# Computing Limits Algebraically

In section 10.1, we examined tables and graphs to help us evaluate limits. For instance, to evaluate the limit

we could construct a table of approximate *y* values near *x* = 0.

We could also graph the function to get an idea of how the *y* values behave as *x* gets closer and closer to 0.

For either representation, as *x* get closer and closer to 0, the corresponding *y* value gets closer and closer to 1. This means the value of the limit is 1,

If you look at the table or the graph, you’ll notice that the *y* value for the expression is 1 at the value *x* = 0. This suggests that you could simply substitute into the expression to evaluate the limit. By doing this, we can avoid creating the table or making the graph. In this section, we’ll examine the situations when this strategy works and ways to work around the problems that occur when it is not possible.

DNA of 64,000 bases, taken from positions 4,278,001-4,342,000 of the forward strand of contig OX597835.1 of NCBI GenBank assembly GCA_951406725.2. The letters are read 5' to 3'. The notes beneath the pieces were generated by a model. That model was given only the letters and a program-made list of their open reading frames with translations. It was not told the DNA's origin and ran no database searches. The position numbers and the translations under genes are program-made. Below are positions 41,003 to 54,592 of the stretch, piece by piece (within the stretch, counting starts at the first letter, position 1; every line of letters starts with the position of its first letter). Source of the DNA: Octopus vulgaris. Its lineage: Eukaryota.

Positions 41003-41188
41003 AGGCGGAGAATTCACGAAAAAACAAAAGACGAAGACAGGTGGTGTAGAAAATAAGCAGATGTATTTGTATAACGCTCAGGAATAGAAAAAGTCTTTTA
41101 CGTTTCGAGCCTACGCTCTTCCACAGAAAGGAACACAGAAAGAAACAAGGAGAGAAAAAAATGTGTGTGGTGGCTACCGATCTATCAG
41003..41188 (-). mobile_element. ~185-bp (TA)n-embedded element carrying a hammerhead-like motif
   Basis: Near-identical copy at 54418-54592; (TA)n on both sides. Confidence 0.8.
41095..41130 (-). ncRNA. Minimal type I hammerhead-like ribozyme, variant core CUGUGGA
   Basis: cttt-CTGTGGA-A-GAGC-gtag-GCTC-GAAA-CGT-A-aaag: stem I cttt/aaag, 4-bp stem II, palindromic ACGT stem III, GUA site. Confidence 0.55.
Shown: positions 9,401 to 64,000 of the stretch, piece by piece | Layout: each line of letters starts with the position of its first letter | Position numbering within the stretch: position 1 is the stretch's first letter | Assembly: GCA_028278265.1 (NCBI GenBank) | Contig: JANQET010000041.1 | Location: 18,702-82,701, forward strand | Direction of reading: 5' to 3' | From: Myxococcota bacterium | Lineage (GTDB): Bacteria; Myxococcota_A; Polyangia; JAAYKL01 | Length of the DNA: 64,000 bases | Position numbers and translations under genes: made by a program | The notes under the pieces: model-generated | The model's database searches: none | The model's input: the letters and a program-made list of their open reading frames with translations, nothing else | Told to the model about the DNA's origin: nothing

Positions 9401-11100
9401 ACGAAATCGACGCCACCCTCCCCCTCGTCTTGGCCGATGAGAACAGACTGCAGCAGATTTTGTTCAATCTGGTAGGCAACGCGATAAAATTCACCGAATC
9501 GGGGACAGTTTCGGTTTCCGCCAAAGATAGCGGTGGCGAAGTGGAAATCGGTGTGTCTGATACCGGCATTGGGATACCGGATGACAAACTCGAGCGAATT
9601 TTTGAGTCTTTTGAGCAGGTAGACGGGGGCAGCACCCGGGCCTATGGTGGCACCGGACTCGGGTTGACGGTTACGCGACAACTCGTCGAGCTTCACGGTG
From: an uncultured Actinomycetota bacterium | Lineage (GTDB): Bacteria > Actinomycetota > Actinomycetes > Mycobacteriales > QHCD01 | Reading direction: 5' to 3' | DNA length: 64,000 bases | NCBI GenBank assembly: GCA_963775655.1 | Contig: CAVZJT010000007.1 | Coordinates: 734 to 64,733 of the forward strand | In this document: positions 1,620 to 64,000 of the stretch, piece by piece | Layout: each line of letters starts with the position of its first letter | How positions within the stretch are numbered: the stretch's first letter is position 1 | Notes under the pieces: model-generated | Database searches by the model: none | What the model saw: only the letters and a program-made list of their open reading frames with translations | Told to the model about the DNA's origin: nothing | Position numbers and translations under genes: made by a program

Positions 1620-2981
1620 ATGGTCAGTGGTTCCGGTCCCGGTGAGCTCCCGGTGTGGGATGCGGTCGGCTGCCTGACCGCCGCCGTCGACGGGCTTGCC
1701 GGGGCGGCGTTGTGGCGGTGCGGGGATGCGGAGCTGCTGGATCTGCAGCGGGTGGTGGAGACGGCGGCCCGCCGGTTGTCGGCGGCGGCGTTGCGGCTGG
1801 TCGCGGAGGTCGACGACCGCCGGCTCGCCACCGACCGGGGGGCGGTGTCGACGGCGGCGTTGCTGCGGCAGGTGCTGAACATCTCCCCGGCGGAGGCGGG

**Read** in Section 10.3

- How can a limit be computed algebraically?
- How do you evaluate limits involving difference quotients?
- Handout: Some Limits with Square Roots
- Handout: More Complicated Difference Quotients – Polynomials
- Handout: More Complicated Difference Quotients – Rational Function
- Handout: More Complicated Difference Quotients – Square Root Functions

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